The Coca-Cola -produced drinks, which will be made with “Arabica coffee blends” and “will include real milk and sugar” measure 13.7 ounces, and come in four flavors: Original, Mocha, French Vanilla, and Espresso. For the purposes of this tasting, while it was tempting to pour the bottled coffee into a glass over ice, this probably isn’t the way most people will be enjoying this beverage, so we raw-dogged it straight from the bottle. A few thoughts on each flavor:

Original: This tastes like a Dunkin’ Donuts iced coffee on its best possible day, when the coffee isn’t all bitter and the guy working the window doesn’t dump a thousand pounds of sweetener into the cup. It *is* a sweet drink, and seems much thicker and more velvety than an iced coffee from the store, likely because it hasn’t been poured over a gallon bucket of crushed ice. There’s not much that we would be able to pick out that makes this a “signature” Dunkin’ Donuts flavor, but this is a perfectly agreeable bottled iced coffee.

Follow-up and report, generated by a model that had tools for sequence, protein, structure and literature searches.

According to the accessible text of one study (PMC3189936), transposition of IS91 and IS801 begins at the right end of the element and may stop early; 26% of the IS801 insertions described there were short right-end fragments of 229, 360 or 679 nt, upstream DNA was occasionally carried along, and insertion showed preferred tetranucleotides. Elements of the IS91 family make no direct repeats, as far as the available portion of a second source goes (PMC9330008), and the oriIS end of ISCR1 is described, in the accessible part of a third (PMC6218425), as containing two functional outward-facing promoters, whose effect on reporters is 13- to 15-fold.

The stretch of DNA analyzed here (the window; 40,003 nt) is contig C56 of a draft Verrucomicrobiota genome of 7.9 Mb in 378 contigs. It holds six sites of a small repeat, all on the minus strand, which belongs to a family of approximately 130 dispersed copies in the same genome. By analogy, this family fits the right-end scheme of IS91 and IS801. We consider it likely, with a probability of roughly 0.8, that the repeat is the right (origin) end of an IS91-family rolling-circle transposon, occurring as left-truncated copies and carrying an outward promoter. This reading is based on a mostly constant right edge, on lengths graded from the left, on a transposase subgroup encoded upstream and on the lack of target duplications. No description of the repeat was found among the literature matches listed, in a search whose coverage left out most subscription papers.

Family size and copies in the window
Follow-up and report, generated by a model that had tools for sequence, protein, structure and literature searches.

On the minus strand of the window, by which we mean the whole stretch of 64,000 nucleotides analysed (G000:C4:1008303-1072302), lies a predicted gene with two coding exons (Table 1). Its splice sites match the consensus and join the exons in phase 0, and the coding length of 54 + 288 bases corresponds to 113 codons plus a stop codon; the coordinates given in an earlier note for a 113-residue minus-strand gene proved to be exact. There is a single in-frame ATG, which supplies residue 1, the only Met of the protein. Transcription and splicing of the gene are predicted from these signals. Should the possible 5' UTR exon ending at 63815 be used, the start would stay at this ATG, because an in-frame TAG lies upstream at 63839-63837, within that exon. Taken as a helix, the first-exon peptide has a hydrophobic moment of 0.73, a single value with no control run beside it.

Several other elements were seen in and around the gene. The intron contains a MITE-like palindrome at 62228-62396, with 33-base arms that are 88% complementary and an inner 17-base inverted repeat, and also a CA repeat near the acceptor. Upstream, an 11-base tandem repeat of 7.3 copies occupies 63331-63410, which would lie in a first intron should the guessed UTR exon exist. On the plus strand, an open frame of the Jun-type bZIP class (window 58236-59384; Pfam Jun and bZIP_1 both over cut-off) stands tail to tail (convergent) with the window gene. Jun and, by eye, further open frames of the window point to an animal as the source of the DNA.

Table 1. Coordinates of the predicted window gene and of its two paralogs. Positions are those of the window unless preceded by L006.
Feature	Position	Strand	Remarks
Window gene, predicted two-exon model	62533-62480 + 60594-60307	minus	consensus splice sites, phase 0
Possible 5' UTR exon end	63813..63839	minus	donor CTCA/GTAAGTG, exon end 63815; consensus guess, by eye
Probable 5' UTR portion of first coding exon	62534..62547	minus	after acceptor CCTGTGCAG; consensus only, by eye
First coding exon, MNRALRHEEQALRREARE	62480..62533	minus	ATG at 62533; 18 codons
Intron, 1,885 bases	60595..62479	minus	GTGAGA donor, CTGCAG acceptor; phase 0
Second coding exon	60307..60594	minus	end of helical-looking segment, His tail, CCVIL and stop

Mocha: A lot of “Mocha” coffee flavors get it all wrong, bottling up chocolatey overly-sweet concoctions that taste more like boxes of chocolate milk. Dunkin’ keeps it subtle, with light chocolate notes and a pleasant malted milk powder flavor that doesn’t overpower the coffee.

French Vanilla: Ooh la la. The vanilla flavor is powerful, here. Even overly so. In fact, when you unscrew the cap from the bottle, an overwhelming scent of cake batter assaults your senses. People who love the taste of coffee won’t find much to like, here, but if you’re into that synthetic, throat-burning chemical vanilla flavor, this is going to be your jam.

Espresso: Our favorite of the bunch, “Espresso” offers a light touch of the scent of roasting coffee, with a slightly more robust coffee flavor than the Original variety. Make no mistake: You’re not going to suddenly feel like you’ve been magically transported to a coffee shop in Italy. This is still bottled iced coffee made by Coca-Cola. But if you like your ready-to-drink iced coffee to carry a bit more coffee flavor, in the same full-bodied, silky beverage base, this is the best of the four.